President Calling for Immigration Reform

In 2007, the Pew Hispanic Center noted a record number of undocumented immigrants in the country, with 12 million living in the United States. Though the number fell to 11.1 million two years later, it has largely remained steady, with 11.2 million undocumented workers calling the U.S. “home” in 2010.

While there are more than double the number of U.S. agents protecting the U.S.-Mexican border, the number of people arrested for illegally crossing into the country has fallen by 36 percent, according to statistics compiled by The Wall Street Journal.

Chris Newman, director of the National Day Laborer Organizing Network, notes that the economy is the primary factor affecting the numbers of undocumented workers in the country. When economic conditions improve, demand for work increases and the number of undocumented workers coming into the country rises. The current economic uncertainty in the U.S. may contribute to the numbers remaining mostly unchanged over the last few years.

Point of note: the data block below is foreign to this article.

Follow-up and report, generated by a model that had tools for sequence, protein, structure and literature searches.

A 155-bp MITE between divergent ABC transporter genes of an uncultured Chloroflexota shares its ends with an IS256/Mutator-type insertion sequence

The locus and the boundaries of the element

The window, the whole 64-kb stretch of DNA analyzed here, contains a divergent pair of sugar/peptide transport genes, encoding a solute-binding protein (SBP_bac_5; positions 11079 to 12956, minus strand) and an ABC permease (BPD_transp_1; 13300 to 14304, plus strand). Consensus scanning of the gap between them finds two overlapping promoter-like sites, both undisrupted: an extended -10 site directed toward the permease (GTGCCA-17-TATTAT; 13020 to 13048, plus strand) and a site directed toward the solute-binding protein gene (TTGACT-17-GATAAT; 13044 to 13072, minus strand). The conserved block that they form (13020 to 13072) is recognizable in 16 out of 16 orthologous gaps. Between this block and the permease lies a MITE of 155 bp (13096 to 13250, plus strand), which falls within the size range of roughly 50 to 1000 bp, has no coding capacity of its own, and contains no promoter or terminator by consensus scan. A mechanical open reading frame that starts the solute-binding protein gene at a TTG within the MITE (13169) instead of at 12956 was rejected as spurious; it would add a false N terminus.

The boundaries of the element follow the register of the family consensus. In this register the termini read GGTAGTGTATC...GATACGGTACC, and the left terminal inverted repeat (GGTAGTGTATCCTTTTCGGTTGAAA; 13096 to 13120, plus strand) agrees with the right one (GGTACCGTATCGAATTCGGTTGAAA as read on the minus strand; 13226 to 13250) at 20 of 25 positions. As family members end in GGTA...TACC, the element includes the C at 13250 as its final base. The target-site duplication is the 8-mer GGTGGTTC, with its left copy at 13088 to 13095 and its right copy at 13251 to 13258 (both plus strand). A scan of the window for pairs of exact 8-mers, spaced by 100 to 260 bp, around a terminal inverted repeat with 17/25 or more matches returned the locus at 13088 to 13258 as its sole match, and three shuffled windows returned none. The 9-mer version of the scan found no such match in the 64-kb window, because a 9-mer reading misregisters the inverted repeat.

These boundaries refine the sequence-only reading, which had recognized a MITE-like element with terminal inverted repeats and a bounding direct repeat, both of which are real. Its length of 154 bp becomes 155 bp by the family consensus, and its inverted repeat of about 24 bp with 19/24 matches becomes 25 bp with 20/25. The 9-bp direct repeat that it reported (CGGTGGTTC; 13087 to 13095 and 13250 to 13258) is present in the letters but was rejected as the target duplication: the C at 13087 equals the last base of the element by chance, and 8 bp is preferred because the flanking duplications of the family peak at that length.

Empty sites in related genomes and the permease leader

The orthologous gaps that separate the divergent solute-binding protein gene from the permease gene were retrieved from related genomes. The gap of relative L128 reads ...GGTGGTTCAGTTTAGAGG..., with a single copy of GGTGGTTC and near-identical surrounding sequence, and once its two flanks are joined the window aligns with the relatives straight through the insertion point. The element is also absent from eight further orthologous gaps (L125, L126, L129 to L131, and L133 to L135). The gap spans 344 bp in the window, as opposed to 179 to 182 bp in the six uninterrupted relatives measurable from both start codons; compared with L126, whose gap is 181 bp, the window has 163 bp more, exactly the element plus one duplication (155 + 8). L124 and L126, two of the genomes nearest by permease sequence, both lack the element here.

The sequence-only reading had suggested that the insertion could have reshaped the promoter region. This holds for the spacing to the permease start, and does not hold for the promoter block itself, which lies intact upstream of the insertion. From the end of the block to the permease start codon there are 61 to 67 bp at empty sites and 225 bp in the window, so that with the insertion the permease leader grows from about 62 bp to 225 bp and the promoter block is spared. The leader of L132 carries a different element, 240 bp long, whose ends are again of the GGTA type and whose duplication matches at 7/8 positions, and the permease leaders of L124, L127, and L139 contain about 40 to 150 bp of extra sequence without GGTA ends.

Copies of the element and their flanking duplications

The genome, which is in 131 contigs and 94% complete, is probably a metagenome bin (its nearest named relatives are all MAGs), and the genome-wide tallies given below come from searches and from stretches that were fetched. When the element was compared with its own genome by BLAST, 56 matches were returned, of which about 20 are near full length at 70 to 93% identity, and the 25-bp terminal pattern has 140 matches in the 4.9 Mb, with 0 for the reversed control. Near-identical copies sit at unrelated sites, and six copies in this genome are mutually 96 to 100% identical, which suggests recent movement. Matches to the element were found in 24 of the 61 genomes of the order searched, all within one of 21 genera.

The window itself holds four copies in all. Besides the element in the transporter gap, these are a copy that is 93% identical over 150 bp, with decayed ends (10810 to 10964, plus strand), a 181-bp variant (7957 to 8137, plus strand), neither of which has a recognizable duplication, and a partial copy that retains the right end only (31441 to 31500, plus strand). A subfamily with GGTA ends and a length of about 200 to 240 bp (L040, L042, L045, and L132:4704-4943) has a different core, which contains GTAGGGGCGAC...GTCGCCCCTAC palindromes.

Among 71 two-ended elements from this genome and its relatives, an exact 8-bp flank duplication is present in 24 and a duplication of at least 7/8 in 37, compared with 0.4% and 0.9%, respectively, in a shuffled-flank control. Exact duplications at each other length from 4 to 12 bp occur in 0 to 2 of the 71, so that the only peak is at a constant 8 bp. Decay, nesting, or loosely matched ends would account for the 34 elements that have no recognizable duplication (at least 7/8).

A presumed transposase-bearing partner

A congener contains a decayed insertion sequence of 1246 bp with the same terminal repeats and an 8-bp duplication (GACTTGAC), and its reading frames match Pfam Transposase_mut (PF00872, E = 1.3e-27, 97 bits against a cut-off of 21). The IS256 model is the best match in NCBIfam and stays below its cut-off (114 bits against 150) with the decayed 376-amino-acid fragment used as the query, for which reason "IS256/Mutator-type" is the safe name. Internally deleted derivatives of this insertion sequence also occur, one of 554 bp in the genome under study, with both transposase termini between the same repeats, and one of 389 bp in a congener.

President’s Focus on Immigration

In 2008, President Obama made immigration reform a central component of his campaign. Yet, immigration rights advocates have said the president has not done enough to push the reforms that he campaigned on.

Despite the number of undocumented workers holding steady; our countries increasing debt crisis; the inability of our government to pay for entitlements for our own citizens; and political opposition, President Obama has called for “a new movement” to help undocumented aliens and their families, according to the New York Times. Calling reform a “moral imperative,” the president is focusing on a renewed push to administratively attempting to circumvent the Immigration Act so as to fulfill his political ideals, while at the same time pursuing to change the laws surrounding immigration.

In a recent visit to Texas, President Obama cited the security measures his administration has taken to prevent illegal entry into the country, but also pushed for measures which would help people legally enter the country and become citizens.

The president has long supported the DREAM Act, which would have provided a path to citizenship for those who entered the country before they were 16 years old, completed high school and had no serious criminal record. Though the measure died in the Senate, the president says he remains committed to comprehensive immigration reform.

  • Pima County Bar Association
  • American Immigration Lawyers Association
  • American Bar Association
  • American Academy of Trial Attorneys
  • State Bar of Arizona
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